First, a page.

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Old 01-01-2013, 06:15 PM   #1
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1968 26' Overlander
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Help regarding trailer brake system - 69 23' safari

all,

i plan on picking up my new to me 23' airstream safari tomorrow with my 1994 isuzu trooper - i have a basic trailer light plug in with no connection for brakes - will this be an issue moving the trailer??

i was just told that the trailer brakes will remain locked if i don;t have the proper brake wiring set up - i can't imagine this being the case but is it correct??

thanks in advance.
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Old 01-01-2013, 06:23 PM   #2
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Your Izuzu Trooper has been designed with adequate braking capacity for itself and a small, 10% margin for safety.
It does not have braking capacity for itself and 6900 pounds of travel trailer.
You need a trailer brake controller in the tow vehicle before you tow your new Airstream.
The only deadline is the one you impose on yourself.
Hope this helps more than it hurts.
P.S. No, the trailer brakes will not be locked unless the emergency disconnect switch has been activated. That can be determined with a visual inspection.
Which reminds me, is there a volunteer Airstream Inspector in the area to help you out with your recovery effort?
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Old 01-01-2013, 06:54 PM   #3
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i've been towing my fishing boat and trailer which weighs 3500lbs for 4 years w/o brakes - i only tow it about 8 miles from storage to marina every year and use the side roads.

i was planning on towing the airtsream the same way - it weighs 3800 lbs and shouldn't be an issue since the trooper is rated to tow up to 6000 lbs.

BUT i've never heard of brakes being in the lcoked position and trailer not being moveable if i don't have electric brake controller on my trooper?
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Old 01-01-2013, 07:22 PM   #4
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Help regarding trailer brake system - 69 23' safari

Greetings groovzilla!

Welcome to the Forums and the world of Vintage Airstreams!

Quote:
Originally Posted by groovzilla View Post
i've been towing my fishing boat and trailer which weighs 3500lbs for 4 years w/o brakes - i only tow it about 8 miles from storage to marina every year and use the side roads.

i was planning on towing the airtsream the same way - it weighs 3800 lbs and shouldn't be an issue since the trooper is rated to tow up to 6000 lbs.

BUT i've never heard of brakes being in the lcoked position and trailer not being moveable if i don't have electric brake controller on my trooper?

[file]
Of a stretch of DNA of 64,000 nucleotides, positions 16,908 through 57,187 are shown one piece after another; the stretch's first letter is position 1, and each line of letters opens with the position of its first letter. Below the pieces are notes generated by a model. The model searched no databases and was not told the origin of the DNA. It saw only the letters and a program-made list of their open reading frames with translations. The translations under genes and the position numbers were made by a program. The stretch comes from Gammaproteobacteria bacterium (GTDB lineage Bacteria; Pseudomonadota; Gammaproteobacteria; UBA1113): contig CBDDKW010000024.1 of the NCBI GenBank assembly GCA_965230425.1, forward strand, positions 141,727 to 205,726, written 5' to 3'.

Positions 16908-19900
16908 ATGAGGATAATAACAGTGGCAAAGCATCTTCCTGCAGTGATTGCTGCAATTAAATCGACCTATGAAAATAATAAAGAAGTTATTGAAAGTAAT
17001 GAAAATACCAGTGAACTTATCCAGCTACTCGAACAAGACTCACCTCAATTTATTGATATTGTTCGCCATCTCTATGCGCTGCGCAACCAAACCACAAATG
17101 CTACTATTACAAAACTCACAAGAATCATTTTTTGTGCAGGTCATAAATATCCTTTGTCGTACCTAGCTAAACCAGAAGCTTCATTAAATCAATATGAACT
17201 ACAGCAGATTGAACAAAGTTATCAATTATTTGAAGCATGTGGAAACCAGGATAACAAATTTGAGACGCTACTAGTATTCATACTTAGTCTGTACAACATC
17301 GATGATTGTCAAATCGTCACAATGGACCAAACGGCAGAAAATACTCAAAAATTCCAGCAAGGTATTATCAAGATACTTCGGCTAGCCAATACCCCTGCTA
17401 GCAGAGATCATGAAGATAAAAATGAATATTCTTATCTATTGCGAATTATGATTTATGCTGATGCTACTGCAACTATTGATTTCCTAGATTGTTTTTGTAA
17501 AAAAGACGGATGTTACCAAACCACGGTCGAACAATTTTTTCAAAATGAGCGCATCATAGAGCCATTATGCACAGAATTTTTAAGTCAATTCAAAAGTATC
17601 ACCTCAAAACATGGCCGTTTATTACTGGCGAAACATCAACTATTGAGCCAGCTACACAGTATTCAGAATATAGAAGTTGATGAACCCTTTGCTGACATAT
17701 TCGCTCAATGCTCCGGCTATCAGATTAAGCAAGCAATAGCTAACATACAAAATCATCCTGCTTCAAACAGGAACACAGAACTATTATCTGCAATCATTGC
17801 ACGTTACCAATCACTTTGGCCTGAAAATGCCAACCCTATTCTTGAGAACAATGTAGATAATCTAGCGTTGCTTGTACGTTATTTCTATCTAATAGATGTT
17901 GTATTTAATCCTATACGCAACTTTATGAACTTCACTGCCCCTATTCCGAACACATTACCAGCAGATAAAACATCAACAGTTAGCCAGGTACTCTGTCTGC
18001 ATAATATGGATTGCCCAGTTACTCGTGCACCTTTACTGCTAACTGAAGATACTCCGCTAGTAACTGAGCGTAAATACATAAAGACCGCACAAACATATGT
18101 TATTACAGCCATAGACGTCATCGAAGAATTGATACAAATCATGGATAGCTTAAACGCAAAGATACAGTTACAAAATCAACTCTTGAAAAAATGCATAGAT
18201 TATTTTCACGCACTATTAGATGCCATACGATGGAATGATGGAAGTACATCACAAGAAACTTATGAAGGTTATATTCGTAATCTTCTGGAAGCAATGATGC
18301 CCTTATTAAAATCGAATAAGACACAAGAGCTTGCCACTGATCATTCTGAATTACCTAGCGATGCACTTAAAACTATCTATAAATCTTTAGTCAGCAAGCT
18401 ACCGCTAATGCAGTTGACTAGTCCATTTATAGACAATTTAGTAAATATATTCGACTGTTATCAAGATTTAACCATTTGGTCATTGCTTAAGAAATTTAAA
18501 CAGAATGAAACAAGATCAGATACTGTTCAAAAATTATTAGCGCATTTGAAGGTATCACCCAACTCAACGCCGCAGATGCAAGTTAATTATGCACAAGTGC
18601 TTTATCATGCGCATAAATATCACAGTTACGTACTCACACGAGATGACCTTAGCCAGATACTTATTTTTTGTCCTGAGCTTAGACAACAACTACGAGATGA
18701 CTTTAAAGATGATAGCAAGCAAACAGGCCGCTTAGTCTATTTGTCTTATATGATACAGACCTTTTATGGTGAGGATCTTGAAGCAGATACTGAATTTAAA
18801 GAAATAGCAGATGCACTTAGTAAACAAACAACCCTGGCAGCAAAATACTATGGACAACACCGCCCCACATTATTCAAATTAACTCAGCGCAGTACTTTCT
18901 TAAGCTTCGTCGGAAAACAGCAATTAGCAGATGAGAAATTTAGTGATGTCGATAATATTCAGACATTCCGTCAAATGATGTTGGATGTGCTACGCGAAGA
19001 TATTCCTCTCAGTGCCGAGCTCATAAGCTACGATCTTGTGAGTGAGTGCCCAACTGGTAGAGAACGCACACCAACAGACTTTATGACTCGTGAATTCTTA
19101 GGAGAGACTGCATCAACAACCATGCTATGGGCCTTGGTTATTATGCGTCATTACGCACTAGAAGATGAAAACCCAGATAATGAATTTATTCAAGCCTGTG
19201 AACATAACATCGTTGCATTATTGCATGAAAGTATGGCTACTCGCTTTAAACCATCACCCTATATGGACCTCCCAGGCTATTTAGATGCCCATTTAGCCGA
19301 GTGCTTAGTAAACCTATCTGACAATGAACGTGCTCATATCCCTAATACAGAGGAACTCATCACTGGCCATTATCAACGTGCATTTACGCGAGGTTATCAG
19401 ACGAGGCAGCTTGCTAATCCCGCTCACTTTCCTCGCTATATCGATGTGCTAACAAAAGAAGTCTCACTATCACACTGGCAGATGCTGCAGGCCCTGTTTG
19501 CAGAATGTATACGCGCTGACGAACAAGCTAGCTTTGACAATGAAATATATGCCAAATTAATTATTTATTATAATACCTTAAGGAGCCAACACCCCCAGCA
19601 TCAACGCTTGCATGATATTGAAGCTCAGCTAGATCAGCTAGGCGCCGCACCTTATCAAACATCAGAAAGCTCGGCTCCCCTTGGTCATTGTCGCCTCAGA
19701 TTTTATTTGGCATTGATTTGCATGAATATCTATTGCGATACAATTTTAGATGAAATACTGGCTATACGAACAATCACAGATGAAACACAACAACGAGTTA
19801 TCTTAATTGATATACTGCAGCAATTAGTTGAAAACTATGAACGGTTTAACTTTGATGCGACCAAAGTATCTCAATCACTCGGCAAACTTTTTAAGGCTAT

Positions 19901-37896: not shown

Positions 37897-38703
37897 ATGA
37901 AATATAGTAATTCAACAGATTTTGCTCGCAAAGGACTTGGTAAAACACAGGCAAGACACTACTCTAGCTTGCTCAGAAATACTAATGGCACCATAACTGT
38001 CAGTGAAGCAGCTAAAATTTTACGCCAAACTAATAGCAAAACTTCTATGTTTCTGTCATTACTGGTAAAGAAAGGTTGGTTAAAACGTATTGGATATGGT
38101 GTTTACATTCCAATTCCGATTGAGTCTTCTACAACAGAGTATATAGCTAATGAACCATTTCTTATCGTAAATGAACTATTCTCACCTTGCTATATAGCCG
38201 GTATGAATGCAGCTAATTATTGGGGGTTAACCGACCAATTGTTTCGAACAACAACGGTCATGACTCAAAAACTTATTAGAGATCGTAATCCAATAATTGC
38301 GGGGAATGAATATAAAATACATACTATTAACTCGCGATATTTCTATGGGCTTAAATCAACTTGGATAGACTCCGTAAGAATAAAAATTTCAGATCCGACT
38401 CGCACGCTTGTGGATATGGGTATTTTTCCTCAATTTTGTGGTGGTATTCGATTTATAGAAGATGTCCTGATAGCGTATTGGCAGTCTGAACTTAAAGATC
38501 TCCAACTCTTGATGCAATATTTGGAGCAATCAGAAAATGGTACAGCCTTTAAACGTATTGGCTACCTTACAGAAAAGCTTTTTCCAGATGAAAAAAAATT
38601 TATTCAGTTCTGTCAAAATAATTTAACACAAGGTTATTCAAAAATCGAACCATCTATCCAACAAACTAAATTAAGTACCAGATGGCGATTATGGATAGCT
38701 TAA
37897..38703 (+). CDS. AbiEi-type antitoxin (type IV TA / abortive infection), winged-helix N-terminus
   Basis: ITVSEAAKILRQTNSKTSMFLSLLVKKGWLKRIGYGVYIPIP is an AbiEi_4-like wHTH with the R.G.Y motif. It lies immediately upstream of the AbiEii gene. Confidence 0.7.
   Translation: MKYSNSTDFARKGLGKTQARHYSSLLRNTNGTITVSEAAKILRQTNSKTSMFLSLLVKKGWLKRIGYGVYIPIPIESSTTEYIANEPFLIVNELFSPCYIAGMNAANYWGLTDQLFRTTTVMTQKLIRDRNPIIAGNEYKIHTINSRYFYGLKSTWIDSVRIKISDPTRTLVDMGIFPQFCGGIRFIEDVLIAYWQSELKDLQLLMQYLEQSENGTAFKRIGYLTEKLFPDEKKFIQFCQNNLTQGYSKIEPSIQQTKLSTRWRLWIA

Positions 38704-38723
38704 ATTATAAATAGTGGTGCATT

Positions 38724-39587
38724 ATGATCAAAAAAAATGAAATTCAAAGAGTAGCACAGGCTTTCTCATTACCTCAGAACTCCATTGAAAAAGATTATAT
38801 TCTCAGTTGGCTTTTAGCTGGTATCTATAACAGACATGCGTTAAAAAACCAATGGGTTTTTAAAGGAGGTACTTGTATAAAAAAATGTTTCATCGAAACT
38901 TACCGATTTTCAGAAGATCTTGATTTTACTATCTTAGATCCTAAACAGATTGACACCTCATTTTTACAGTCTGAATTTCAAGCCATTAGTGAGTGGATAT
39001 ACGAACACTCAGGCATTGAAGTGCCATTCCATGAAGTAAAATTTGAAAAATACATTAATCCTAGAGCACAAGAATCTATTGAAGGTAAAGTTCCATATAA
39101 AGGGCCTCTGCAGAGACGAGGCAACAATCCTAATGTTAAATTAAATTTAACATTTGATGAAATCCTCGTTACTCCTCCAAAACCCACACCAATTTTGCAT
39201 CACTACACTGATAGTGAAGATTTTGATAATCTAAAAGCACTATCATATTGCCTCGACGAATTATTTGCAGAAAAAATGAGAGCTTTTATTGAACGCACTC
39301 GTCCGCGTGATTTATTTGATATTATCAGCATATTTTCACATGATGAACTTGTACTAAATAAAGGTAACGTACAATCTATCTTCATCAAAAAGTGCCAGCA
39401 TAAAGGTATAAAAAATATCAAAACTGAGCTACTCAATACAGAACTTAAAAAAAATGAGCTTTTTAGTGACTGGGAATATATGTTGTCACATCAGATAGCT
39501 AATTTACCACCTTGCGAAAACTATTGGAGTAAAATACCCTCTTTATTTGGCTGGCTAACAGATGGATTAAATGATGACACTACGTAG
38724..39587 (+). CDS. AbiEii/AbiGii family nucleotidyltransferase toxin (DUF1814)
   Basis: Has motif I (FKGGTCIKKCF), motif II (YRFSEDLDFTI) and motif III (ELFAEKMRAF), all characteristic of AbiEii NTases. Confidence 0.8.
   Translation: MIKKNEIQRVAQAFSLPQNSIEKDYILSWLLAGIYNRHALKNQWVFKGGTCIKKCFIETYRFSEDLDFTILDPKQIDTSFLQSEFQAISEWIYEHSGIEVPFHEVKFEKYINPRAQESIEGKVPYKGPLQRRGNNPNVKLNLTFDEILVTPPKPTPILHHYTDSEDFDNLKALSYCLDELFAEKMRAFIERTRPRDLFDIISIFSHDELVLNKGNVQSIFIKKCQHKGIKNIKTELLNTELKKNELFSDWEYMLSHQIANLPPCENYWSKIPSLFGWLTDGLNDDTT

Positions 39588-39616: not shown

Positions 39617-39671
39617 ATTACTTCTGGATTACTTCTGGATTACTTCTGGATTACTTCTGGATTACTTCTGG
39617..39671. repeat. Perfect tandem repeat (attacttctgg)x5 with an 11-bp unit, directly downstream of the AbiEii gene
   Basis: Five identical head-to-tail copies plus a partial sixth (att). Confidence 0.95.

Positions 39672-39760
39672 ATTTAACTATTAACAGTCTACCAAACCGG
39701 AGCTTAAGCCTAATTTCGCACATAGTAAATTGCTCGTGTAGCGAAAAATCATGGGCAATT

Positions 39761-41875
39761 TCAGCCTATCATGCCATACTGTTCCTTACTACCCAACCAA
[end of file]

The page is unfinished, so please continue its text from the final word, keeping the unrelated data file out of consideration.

The first thing to consider is whether you have a compatible trailer connector on your Trooper. Your Airstream likely has a seven-terminal connector that can be either the blade-type (modern) or a period pin-type connector - - either one will have seven terminals. Depending upon the actions of previous owners, your Airstream's connector may or may not be wired such that it would be compatible with a modern seven-terminal connector.

I have attached a copy of the seven-pin connector wiring schematic that was being utilized when you coach was built -- and it is definitely different than the current industry standard schematic. There is no guarantee just how your coach's connector is wired so it is best to check it out utilizing a commercial tester or a test-light with 12-volt power source to determine the function of each wire in your coach's connector.

Based upon my experience retrieving Vintage Airstreams, you can almost count on having to adjust the wiring on the coach's connector and/or replace the connector such that it matches what is on your tow vehicle. Just plugging the coach's connector can result in any number of maladies one of which might include having the brakes applied continuously (if brake wire on connector corresponds to charge line on tow vheicle) or an of a number of odd reactions to inputs that you might not anticipate. It is always best to allow for sufficient time to sort out the connector wiring when retrieving a Vintage Airstream with unknown connector wiring.

Good luck with your mission!

Kevin

P.S.: Something else to consider. The Airstream will likely have a significantly higher hitch weight than your boat trailer, and the profile presented to the wind will likely be somewhat different as well. My personal recommendation would be to be sure that you have a properly setup weight distributing hitch as well as a functioning brake controller prior to trying to tow the trailer any significant distance.